These days most of us live in either new or modernised houses. For most of us an open fire is a thing of the past, as are the draughts and smoke and dust and ashes that came with it. New materials and production methods now give us double glazing and door units that fit so well that draughts and external noise are all but eliminated. Central heating is just about universal. Our walls and ceilings are now insulated to very high standards. The standard of home maintenance is high enough that most of us don't know of anyone with a leaky roof, or a broken gutter. For most people, apart from the current economic situation, our houses are now cheap to heat, and the most comfortable that they have ever been. But for those of us with dodgy lungs, are they really good for us? I sometimes fear that the answer might be, 'Not really.'
Back in the days when most people had open fires, most families lived in the kitchen for most of the week, only going into the 'front room', or 'parlour', at weekends or on special occasions. Using that room usually meant lighting the fire. Think about what that entailed. The cost of the extra fire, coal was expensive to buy, wood was expensive in terms of time to collect. The best furniture would be exposed to dust from the fire. Many people would dress up to use that room. For some people, that meant washing extra clean! I can remember my grandfather complaining if a visitor was to call in the week! For a fire to burn properly required a well designed chimney to get the smoke out, and a good supply of air to keep it going. That good supply of air often was a draught under the door which usually someone would feel either on the back of their neck, or about their ankles. Comfort was rarely complete. The following day, someone would have to clean out and re-lay the fire.
Because of the intermittent heat in the front room, damp patches would often be a problem, particularly if the ground floor had solid floors. This would mean a chill could settle on the house quickly, as well as problems with mould and rot. People got by by wearing more layers, vest, heavy shirt, pullover or cardigan, jacket. Some people even wore house caps and gloves. Hard times for some. Better quality houses had a suspended floor at ground level, but as it was not much more expensive to build a cellar, this became a common option. The extra storage was valuable and the insulation due to the air space below meant these houses were easier to keep warm and dry. Bedrooms would always have a chill, and bedtime would be ritual of hot water bottles and warm drinks to take to bed. The first ten minutes or so until the bed warmed up, well, you had to live through it to know what it was like. Loft insulation is a relatively recent development.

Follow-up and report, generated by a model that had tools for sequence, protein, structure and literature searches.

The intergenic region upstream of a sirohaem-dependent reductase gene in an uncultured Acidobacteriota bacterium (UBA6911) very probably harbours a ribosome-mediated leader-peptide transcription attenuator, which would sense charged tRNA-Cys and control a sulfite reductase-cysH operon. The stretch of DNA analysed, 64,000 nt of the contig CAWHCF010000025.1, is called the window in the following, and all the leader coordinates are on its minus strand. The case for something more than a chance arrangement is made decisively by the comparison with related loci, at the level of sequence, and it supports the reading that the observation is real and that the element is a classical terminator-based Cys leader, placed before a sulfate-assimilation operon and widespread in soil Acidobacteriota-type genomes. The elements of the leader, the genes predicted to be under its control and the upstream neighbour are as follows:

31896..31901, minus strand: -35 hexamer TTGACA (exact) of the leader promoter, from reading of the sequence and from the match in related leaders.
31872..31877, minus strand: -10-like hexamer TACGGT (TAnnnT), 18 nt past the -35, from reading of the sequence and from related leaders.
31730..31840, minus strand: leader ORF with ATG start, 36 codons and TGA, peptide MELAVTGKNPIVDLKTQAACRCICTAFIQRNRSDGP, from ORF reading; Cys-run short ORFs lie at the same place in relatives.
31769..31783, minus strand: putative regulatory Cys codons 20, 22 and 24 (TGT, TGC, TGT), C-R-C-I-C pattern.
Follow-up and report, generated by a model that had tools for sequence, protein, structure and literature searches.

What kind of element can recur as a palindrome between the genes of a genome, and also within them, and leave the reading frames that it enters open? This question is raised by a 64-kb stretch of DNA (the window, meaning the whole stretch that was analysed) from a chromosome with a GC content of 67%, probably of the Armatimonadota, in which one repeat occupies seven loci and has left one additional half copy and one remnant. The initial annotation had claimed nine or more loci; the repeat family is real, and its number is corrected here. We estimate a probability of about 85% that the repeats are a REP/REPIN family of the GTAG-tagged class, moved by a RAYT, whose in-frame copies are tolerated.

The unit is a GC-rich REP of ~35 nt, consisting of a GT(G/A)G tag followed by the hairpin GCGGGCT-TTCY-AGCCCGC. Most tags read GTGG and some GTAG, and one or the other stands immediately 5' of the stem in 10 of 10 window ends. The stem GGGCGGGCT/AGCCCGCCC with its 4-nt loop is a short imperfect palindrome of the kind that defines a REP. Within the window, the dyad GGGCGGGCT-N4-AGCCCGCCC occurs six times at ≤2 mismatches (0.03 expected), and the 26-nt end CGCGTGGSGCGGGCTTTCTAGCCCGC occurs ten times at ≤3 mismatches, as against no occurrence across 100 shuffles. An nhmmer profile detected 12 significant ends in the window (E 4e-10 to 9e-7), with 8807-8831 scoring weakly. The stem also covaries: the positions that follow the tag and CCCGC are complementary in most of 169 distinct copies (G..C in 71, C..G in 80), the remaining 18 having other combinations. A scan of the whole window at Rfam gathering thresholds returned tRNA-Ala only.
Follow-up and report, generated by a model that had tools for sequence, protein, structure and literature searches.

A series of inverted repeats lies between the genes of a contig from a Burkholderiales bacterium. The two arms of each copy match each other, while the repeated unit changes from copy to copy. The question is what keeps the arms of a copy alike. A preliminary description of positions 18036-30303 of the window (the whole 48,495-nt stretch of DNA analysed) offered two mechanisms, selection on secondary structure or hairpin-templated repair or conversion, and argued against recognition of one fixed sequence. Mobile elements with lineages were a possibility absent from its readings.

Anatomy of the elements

Window frames then were made out of wood for choice. It lasted longest, was reliable and looked 'respectable'. Iron frames were for 'cheap' houses, and tended not to last very long before suffering from corrosion because the iron was usually low grade to keep the cost down, and poor maintenance would quicken the process through lack of paint or lack of lubrication causing hinges to wear or seize. Wooden frames had their own problems, mostly of swelling and shrinking according to whether the weather was wet or not. Sash frames could jam shut for days until they would magically free themselves, and then rattle in the slightest breeze.
Because in general we are so much more affluent now, and we have the advantage of living in a technically proficient society, most of us have moved on to a much better situation. For some of us though, have we moved in entirely the right direction? Yes, we have comfortable, draught free houses that are easy to heat and clean. But how many of us, particularly those of us with poor lungs, sometimes feel the need for a flow of fresh air. I have noticed since moving to our present home, that more often I feel that the air in the house is lacking sufficient oxygen. This house has new doors and windows that are totally draught free. They have built in ventilation pathways which we always leave open, but they are not enough. Even though I am on supplementary oxygen, at times I find my saturated oxygen level dropping well below what I consider to be 'normal at rest' for me. If I open the back door and some windows at the front of the house for a while, and fairly quickly, the air 'quality' returns to 'normal'. Is it good for us for our houses to be this airtight? I have my doubts.
Also we hear occasionally of people who have problems with fumes given off by materials used in upgrading wall insulation, sometimes for months or even in extreme cases years. This does not sound like a completely safe home to me. These issues are not as common as they used to be.
Are we better off than we were? My opinion is 'Yes', by an immeasurable amount. With a 'But'. That 'But' is that we need to make sure that those who are developing the next 'Best thing since sliced bread', really are making developments that are good for us. All of us.
Breathe easy, all of you.